By Ben Chapman
When it comes to food safety temporary events can be problematic. Outbreaks have been linked to food festivals, community dinners and church fundraisers. The newest food safety infosheet is based on a September 2013 outbreak linked to a Shelby, North Carolina church fundraiser.
- At least 13 individuals who ate at a barbecue event were hospitalized with symptoms including abdominal cramping, diarrhea and vomiting.
- All preparers should know safe cooking/cooling temperatures and procedures. Hold meals and ingredients requiring temperature control either below 41°F or above 135°F.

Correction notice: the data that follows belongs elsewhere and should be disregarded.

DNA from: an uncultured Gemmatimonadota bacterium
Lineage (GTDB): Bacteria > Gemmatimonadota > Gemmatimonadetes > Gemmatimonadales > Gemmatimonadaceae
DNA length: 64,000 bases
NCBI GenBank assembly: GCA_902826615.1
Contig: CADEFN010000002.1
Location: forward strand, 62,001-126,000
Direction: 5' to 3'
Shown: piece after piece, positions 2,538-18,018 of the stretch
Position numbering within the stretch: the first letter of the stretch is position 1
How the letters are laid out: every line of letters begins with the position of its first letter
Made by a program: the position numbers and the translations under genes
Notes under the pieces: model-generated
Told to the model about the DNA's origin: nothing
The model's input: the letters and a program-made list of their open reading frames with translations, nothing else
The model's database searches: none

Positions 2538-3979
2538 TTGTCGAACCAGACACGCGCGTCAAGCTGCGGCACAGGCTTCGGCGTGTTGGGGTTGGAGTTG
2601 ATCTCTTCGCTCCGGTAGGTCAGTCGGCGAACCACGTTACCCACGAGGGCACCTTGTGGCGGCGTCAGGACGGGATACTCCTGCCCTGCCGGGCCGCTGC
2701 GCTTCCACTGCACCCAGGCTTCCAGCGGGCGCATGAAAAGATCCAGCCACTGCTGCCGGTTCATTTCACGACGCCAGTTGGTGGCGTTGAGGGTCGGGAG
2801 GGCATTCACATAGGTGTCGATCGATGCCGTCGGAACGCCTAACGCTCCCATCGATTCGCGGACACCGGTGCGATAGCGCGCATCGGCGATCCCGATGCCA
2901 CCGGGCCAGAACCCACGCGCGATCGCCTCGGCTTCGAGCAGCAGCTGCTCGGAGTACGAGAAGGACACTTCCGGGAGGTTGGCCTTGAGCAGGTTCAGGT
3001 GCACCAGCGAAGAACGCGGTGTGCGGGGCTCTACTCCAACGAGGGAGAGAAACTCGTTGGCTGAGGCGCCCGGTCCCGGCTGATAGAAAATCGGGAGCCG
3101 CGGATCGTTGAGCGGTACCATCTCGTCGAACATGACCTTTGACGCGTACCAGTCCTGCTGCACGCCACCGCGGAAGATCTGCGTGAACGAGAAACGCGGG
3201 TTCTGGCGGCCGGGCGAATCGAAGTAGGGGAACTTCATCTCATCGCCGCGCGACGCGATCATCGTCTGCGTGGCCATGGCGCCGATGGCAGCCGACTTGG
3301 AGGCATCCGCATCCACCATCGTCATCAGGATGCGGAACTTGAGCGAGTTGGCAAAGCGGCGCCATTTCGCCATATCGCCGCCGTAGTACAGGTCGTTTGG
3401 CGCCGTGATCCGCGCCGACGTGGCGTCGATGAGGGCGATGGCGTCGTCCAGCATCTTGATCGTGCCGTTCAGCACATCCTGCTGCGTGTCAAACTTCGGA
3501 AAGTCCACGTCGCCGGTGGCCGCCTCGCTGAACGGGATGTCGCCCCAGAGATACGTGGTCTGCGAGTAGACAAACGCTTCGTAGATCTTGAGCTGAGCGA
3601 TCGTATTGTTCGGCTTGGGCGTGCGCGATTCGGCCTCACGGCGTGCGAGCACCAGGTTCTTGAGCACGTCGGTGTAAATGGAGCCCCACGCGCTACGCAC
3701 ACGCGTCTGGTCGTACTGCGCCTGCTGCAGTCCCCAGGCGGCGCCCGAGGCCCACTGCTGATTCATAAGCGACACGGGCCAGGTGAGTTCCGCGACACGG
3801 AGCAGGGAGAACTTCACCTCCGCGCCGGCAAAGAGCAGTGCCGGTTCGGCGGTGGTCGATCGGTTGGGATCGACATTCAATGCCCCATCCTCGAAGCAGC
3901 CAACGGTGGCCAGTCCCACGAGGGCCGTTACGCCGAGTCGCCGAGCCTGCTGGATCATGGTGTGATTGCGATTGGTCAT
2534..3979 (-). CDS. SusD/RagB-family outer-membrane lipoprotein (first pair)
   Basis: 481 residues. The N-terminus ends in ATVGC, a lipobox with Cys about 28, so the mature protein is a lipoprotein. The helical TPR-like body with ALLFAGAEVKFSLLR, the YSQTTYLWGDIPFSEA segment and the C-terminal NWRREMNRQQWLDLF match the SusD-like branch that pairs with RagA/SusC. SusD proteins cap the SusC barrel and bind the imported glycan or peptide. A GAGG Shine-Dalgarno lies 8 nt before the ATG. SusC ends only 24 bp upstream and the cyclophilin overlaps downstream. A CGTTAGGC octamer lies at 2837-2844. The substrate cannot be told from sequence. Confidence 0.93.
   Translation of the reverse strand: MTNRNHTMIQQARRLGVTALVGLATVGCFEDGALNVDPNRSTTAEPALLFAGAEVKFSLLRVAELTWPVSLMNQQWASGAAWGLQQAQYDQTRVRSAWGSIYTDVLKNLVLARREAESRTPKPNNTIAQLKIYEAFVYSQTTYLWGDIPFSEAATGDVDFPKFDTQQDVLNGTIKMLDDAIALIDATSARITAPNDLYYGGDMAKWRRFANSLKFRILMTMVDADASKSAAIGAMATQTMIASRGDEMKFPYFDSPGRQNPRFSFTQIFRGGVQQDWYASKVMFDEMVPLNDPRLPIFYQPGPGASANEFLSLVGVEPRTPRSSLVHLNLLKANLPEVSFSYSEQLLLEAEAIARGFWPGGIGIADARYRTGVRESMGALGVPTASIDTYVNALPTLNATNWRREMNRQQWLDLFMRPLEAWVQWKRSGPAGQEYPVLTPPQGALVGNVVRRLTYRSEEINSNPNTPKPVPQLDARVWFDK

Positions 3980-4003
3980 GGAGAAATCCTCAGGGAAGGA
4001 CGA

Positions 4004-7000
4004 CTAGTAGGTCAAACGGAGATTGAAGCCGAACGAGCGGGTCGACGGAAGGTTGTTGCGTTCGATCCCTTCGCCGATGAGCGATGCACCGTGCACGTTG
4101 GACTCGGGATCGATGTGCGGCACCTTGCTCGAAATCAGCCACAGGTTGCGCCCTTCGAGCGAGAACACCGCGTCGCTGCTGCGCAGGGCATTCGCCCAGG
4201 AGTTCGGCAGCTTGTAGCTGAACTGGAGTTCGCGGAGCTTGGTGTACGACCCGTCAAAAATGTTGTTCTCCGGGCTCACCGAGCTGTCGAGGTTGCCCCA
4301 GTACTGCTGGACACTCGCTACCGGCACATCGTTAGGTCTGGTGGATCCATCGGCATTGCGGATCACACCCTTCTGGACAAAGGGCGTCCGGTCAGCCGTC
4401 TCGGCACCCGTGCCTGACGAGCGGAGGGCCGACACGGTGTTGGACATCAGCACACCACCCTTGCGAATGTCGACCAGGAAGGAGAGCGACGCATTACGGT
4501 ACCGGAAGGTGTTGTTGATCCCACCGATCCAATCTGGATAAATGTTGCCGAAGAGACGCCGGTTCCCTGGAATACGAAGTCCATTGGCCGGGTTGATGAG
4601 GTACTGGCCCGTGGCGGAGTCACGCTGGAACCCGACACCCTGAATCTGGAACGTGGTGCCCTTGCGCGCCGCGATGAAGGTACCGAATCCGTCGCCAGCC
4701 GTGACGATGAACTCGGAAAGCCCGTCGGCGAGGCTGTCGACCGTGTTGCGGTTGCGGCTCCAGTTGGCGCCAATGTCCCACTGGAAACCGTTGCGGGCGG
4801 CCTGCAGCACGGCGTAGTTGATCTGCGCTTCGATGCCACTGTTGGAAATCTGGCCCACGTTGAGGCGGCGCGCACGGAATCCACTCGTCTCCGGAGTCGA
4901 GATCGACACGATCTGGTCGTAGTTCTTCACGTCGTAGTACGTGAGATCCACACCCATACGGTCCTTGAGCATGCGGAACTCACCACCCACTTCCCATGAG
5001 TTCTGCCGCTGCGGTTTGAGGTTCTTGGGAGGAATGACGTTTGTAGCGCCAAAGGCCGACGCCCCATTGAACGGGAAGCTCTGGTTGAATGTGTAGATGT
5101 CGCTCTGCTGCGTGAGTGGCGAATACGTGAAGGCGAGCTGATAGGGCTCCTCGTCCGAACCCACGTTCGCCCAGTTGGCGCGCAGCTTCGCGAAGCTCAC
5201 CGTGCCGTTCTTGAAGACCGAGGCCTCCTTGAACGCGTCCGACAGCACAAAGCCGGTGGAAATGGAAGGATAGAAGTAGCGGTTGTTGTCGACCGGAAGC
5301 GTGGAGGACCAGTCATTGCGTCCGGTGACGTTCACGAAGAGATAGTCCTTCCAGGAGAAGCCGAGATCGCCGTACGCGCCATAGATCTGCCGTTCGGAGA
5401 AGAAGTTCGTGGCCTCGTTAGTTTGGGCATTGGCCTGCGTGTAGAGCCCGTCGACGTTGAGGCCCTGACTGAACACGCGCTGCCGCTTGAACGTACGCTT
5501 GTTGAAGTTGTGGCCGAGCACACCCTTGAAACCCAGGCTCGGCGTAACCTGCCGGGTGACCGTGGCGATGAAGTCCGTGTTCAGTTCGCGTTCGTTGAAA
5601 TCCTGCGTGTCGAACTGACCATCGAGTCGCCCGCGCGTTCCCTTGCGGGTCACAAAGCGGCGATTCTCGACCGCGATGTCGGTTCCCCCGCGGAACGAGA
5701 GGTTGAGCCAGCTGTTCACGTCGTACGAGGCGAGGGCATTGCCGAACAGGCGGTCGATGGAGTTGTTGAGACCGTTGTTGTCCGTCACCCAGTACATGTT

- Purchase ingredients from commercial food businesses instead of homemade/donated foods and ask about food safety systems for suppliers.
- Community dinners can be great fundraisers but are often held at temporary sites and staffed by volunteers unfamiliar with safe food handling practices for large meals.
Author Ben Chapman is an assistant professor and food safety extension specialist at North Carolina State University. He’s interested in learning from and sharing stories from outbreaks. Through using new methods and messages, Ben hopes to compel folks from farm-to-fork to change food safety behavior and create a culture of food safety.